New Cathedral Design Responds to Faithful
The Most Reverend Michael F. Burbidge has prayerfully responded to feedback received from clergy, religious and parishioners from over 400 receptions held throughout the Diocese.
The latest revisions from Mr. James O’Brien of O’Brien and Keane, who was appointed as the final design architect, are underway. The new design and full details will be available in the next issue of NC Catholics. Committees have continued to work on fundraising, costs and Cathedral planning, hoping to break ground at the Nazareth site within the year. This project will be subject to the same standard that is held for parish building projects.
“We are blessed to have Bishop Burbidge’s guidance and direction to be good stewards and to listen to the voices of the people of the Diocese,” said Mr. O’Brien.
While the master site plan has not changed — it includes provisions for Sacred Heart Parish and Cathedral school — the design and timing reflect the current budget. The revised design focuses on the priorities, which are the cathedral and surface parking.
“The design will be similar to other Cathedrals, in that we are building on a 2,000-year heritage of sacred architecture,” said Mr. O’Brien. “The design as a whole and various features will have a familiar ‘feel’ to everyone, I hope! At the same time, the cathedral is intended to be a reflection of the values of the faithful of North Carolina, and so it is bound to be uniquely tailored in that way.”
Many of the faithful expressed a desire for the Cathedral to be large enough to support major Diocesan liturgies throughout the year, while mindful of its role as a parish.
Many of those who attended receptions expressed an interest in easy access to the Cathedral. The site, located near North Carolina State Centennial Campus, will be easily accessible from major roadways and downtown Raleigh. The Diocese is working closely with the State of North Carolina, City of Raleigh and North Carolina State University in planning roadways that will serve both the accessibility needs of the faithful and the traffic needs of the greater community. In addition, there will be adequate surface parking for full-capacity events.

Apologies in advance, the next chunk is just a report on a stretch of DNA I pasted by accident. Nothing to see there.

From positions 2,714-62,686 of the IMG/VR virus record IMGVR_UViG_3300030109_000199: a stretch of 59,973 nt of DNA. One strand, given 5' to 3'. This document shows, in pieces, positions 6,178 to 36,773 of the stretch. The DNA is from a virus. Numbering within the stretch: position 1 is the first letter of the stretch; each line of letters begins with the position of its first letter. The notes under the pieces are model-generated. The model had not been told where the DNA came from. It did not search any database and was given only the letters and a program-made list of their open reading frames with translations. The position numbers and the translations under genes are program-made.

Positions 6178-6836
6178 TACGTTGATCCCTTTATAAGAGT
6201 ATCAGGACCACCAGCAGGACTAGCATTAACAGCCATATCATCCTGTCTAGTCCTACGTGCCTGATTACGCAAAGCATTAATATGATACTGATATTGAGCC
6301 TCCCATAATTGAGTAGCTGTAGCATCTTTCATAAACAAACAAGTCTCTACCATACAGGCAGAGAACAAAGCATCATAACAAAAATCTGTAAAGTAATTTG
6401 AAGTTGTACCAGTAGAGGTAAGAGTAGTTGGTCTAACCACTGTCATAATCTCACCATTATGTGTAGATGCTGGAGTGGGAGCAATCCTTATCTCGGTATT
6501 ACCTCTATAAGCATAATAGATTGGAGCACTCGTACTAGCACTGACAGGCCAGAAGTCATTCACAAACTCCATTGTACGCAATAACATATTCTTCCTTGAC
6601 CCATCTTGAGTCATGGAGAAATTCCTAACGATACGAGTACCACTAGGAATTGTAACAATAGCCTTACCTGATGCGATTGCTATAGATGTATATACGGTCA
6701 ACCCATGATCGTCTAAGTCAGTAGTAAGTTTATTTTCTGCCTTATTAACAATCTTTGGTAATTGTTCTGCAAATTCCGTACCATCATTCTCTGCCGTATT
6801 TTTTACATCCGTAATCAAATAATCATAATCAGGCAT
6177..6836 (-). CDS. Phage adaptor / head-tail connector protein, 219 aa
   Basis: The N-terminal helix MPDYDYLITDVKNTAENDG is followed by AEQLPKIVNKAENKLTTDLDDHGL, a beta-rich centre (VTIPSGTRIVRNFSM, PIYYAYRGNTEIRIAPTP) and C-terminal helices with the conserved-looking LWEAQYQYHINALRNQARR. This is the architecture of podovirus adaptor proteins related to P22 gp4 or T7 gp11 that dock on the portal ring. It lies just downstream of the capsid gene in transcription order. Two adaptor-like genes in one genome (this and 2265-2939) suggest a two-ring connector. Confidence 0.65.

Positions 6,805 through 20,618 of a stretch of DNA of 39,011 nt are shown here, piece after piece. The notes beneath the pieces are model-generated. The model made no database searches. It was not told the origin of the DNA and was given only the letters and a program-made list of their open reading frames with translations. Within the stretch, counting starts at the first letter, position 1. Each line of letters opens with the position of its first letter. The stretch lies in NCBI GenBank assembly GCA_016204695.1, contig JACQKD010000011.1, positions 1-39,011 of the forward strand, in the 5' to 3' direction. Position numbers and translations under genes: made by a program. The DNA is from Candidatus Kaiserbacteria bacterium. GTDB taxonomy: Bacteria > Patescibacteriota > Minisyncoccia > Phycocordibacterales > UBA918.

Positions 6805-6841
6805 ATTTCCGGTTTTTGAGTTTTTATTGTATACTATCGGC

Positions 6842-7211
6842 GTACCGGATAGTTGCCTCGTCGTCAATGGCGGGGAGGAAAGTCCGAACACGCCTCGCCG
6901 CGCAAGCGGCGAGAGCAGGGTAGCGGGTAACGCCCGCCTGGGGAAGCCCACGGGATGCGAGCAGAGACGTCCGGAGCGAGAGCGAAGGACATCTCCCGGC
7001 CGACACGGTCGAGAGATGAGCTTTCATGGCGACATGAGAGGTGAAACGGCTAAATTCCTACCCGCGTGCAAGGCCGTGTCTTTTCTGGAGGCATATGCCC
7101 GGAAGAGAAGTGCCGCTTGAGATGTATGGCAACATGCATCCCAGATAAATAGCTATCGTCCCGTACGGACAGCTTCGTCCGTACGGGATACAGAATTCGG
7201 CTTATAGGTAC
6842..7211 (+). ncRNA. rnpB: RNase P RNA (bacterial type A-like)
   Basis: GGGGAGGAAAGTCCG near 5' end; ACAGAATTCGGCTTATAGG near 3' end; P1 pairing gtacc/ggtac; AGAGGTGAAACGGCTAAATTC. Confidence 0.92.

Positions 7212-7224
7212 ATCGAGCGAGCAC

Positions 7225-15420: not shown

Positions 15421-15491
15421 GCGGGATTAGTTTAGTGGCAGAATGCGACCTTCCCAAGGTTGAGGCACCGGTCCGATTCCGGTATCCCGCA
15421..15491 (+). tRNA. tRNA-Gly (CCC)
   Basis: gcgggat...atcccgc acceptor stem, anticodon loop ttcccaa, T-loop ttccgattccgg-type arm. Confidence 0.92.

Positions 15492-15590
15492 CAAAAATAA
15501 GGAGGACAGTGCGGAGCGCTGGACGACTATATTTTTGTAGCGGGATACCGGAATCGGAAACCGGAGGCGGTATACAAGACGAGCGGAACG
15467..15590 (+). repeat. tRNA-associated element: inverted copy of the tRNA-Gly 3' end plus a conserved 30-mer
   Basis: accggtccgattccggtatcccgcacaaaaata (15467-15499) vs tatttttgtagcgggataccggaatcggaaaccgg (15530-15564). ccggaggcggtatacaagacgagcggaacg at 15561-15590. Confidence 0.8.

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“This Cathedral will be a building for this place and in this time,” said Mr. O’Brien. “So it will be a traditional cathedral for modern days. By this I mean that we will take full advantage of the arsenal of today’s construction technology in virtually every discipline.”
As previously reported, the project will reuse materials, such as the acquired stained glass windows from Ascension of Our Lord Catholic Church and Stations of the Cross from St. Francis Church in the Archdiocese of Philadelphia. Local materials and labor will be locally sourced, whenever possible, from within the Diocese.
Bishop Burbidge expressed his gratitude for the continuing generosity of the faithful in our Diocese. “What began as a dream in 2009 is nearly a reality,” he said. “All involved have been deeply blessed to be part of this campaign, which endeavors to honor our Lord, share the faithfulness of our Catholic community, and continue serving those in the greatest need.”
Parishes continue to meet and exceed their campaign goals. Most recently, Christ the King, Riegelwood, went over their pledge goal, joining 33 other parishes in surpassing their cathedral goals.